Supporting Breastmilk Production

If I am asked the same question more than 3 times in one week, then I take it to mean I need to write a blog on the subject.  Ensuring or restoring breastmilk production is a common conversation in our office!  Here are some foundational bits to get you started.

Herbs that encourage milk production are called “galactagogues”.

By Illustration_Galega_officinalis0.jpg:Prof. Dr. Otto Wilhelm Thoméderivative work: Ninjatacoshell (talk) - Illustration_Galega_officinalis0.jpg, Public Domain, https://commons.wikimedia.org/w/index.php?curid=7824072There are lots of “Mother’s Milk” herbal teas out there and I think they are great, but I find you need to guzzle them constantly to achieve a therapeutic dose if you are looking for more than general support.  There are also some supplements available that combine a few different herbal ingredients for a synergistic effect, like More Milk Plus by Motherlove. Some important galactagogues include:

  1. Galega officinalis (goat’s rue) – Stimulates both the production and flow of breast milk and may also stimulate development of mammary glands. Has a hypoglycaemic effect, so monitor blood sugars if diabetic or sensitive to blood sugar swings.
  2. Foeniculum vulgare (fennel seed) – Increases milk flow in nursing mothers.  Can also relieve some stomach distress while stimulating digestion and appetite.
  3. Silybum marianum (milk thistle) – Promotes milk secretion. Also has traditional and modern applications as a liver and gallbladder tonic.

Support

  1. Sip – Hydrate, excessively. No excuses. Most moms will notice that they feel immediately thirsty as soon as they start nursing.  Dehydration is a relatively easy issue to avoid when it comes to milk supply, so start sipping!  The first while after increasing your water intake you will likely be taking frequent trips to the toilet, but it will settle down after a couple days.  Coconut water, herbal tea, kombucha, and water infusions can be helpful to add in if you are getting bored.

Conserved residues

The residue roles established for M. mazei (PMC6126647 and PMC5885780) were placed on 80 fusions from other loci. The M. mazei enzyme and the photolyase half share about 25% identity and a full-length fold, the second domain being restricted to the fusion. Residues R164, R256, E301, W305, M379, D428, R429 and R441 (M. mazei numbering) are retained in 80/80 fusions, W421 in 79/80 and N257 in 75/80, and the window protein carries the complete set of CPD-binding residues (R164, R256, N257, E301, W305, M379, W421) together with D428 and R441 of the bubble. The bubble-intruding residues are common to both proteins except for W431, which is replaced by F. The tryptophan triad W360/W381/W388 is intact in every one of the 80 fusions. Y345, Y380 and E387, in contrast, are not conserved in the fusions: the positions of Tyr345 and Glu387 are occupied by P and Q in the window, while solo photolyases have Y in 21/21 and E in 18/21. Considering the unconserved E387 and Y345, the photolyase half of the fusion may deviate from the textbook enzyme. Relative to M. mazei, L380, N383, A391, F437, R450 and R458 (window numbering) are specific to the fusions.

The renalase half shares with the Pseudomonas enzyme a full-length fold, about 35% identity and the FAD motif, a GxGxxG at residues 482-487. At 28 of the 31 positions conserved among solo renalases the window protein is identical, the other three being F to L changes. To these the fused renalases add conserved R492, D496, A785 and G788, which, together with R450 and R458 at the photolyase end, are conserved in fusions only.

2. Sleep – Do not underestimate the impact that chronic sleep deprivation (and chronic stress) can have on your milk supply (and overall health)! I know the amount uninterrupted sleep you get is not 100% in your control right now – for real, I get it! – but that doesn’t mean you should throw the towel in.  Go to bed early, nap during the day, have family or friend take a shift with baby so you can catch up.  The health benefits of adequate sleep know no bounds, and milk supply is on that list!
  3. Stimulate – Your nipples that is. Actually, it’s best to let baby do this, as in feed frequently and on demand. A good latch is very important to maintain the appropriate physical stimulation to tell you body to continue producing and letting down milk. If there are any issues with baby’s latch or feeding patterns, get them taken care of! This is a common reason for milk supply to begin to diminish around 2-3 months. Check in with your lactation consultant, post-natal doula, public health nurse, or paediatric practitioner ASAP.

Fuel

Foods have medicinal properties too. On one side, if you are eating foods that do not agree with your chemistry, you will have increased inflammation and your body will be using its precious resources to deal with that immune response. On the other side, nourishing your body helps ensure not only that you are healthy and have the building blocks to make milk, but that your milk will be stock full of all the nutrients your baby needs to thrive too. Here are some helpful foods:

  • Apricots
  • Asparagus
  • Green Beans
  • Carrots
  • Sweet Potatoes
  • Parsley
  • All Leafy Greens
  • Grains (good ones! as in not processed, bleached crap)

Honourable Mention:  Fat!

Breast milk if a very fatty substance and baby needs a lot of healthy fats to grow and thrive. The nervous system is practically needy when it comes to fats. You will probably notices that your cognition, mood, and mental space will be impacted by a lack of fat in your diet and this is exaggerated when pregnant and breastfeeding. 2-4 grams of an omega-3 essential fatty acid supplement high in EPA and DHA is recommended to cover the basics, as well as food sources of healthy fats (fish, avocados, coconut, olive oil, nuts, & seeds).

 

Feeling like your milk supply is diminishing or that you are not able to provide for you little one (or little ones) can be a very stressful event.  The stress will have the opposite of your desired impact. It’s best to focus on filling up your cup, taking care to nourish yourself physically and emotionally, and enjoy your time loving on your baby.

 

Reference

Hoffman D. Medical Herbalism: The Science and Practice of Herbal Medicine. 2003.

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